An Overview of the Roman Republic

The republic was in many ways a multi-faceted political system that stretches back into an archaic, semi-mythological past. The exact lifespan of the Roman Republic is also a matter of dispute,  though most accounts stretch from the expulsion of the last Roman kings in 510 BCE. to ca. 49 BCE when Caesar crossed the Rubicon.

The Roman Republic was governed by an ancestral constitution known as the Mos maiorum. The constitution was unwritten and subject to continuous evolution through the centuries.[ii] The constitution of the Roman Republic is notable for mixing the three predominant forms of government known to antiquity (democracy, aristocracy, and monarchy known from Athens, Sparta and Rome’s past), thus creating a separation of powers where the democratic element was represented by legislative assemblies, the aristocratic by the Senate, and the monarchical by executive political offices, most notably those of the consuls. The political life of the Roman Republic was increasingly plagued by tumults between the aristocratic and democratic elements of government and the traditional modern historical account of the fall of the Roman Republic often stresses this tension as the chief cause of the eventual fall of the Roman Republic (along with Tacitus’ standard claim that the Republic’s territory had simply become too large to be efficiently managed by infighting political entities.).

The Division of Powers

Briefly stated, the senate was nominally responsible for military and foreign policy, and for advising the executive political magistrates of the republic. However, the Senate could not legislate directly. This was the privilege of the people’s assemblies, along with that of electing political magistrates.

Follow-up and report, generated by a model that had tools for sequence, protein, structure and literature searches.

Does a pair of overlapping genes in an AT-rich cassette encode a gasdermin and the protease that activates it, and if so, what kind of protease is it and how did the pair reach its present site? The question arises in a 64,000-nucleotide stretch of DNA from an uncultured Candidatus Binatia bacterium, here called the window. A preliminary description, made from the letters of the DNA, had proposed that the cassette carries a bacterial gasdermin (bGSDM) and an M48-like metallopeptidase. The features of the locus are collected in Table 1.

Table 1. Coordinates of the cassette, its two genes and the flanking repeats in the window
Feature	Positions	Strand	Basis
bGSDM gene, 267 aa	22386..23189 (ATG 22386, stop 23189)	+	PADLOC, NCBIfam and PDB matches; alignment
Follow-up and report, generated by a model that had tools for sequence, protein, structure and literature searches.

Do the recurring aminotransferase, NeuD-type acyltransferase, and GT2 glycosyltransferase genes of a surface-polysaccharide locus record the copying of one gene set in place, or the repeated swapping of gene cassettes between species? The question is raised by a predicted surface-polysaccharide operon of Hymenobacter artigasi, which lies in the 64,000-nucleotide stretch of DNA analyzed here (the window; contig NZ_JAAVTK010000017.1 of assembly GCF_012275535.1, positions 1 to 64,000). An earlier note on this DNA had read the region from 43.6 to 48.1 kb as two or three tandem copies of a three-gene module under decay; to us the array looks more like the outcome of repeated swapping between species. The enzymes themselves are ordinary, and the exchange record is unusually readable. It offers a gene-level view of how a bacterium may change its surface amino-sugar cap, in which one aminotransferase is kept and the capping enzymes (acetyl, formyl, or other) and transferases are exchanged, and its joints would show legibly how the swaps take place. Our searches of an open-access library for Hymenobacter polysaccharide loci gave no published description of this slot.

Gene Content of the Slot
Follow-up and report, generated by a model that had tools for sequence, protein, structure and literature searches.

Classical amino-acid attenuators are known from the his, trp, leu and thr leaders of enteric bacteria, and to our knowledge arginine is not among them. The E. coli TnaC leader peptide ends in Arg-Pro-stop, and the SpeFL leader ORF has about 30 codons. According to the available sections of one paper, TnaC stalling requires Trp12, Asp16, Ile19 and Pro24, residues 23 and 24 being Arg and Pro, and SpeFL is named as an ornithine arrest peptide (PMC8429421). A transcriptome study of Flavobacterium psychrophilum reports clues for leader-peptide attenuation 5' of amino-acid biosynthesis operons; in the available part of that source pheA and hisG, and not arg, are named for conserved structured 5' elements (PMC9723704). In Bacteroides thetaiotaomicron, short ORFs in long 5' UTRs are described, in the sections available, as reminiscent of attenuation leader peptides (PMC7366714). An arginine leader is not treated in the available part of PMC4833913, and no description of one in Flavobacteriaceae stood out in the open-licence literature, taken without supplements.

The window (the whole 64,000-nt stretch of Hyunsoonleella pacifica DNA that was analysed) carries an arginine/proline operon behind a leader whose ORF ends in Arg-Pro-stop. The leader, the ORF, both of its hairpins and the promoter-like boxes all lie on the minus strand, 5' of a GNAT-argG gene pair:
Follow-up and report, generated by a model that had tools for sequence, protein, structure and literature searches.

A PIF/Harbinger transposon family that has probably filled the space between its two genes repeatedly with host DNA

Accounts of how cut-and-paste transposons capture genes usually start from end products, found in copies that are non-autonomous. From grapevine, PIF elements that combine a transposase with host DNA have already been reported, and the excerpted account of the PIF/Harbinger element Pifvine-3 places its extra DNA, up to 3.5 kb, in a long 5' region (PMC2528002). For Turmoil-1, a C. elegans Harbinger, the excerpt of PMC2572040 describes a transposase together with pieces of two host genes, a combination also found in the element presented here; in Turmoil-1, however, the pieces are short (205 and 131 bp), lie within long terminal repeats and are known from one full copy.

Finally the Republic’s elected magistrates were responsible for commanding the military (Imperium), appointing new senators, collecting taxes, arranging public entertainment and games, and so on. Upon this constitutional foundation, an intricate set of veto’s, checks and balances were in place all serving the purpose of limiting the accumulation of political power, thus securing the liberties of the Roman people.

In regards to the liberties enjoyed by the Roman citizens of antiquity we might note the individual’s right to enter legal contracts, right to fair trial and appeal, right to vote, right to migrate, and the right not be exposed to torture. These rights jointly embodied the republican virtue known as rule of law: A theme explicitly found in Cicero’s In Defense of Cluentius where it is argued, that is it through the existence of the law that Roman citizen can enjoy equality and liberty. As Cicero says: “We are all the slaves of the laws in order that we may be free.”.[iii]

Military and Warfare

It is of interest to us to note, that in regards to the division of powers under the Roman Republic, only the centurion assembly could declare war, a move later mirrored in the United States Constitution, which states, that only the House of Representatives can declare war.

In regards to later republicanists, the Roman military was chiefly an inspiration in the form it had prior to the Marian reforms in 107 BCE. Under this “archaic doctrine” members of the Roman citizen army had to possess a personal fortune of at least 3000 sesterces and to own and supply his own weapons and armour. As such, the citizen-soldiers under the archaic doctrine were mostly landowners.

The Marian reforms have traditionally been commended by military historians for dramatically bolstering Roman manpower but in regards to Republicanism, including the landless citizens in the army posed a domestic and political (rather than foreign and military thread) in that it was perceived that the landowners and those in possession of some fiscal strength would be uninterested in ever turning their arms on the state itself. As such, it is ironic that one of the most notable side effect of the Marian reforms was that the Legions eventually became loyal to their commanders rather than to the Roman state. These political complications are grist for the Republicanists’ mill and quite rightly so.


[i] Millar, Fergus: The Roman Republic in Political Thought pp. 66-79

[ii] Flower, Harriet I. et al: The Cambridge Companion to the Roman Republic p. 31

[iii] Millar, Fergus: The Roman Republic in Political Thought p. 66

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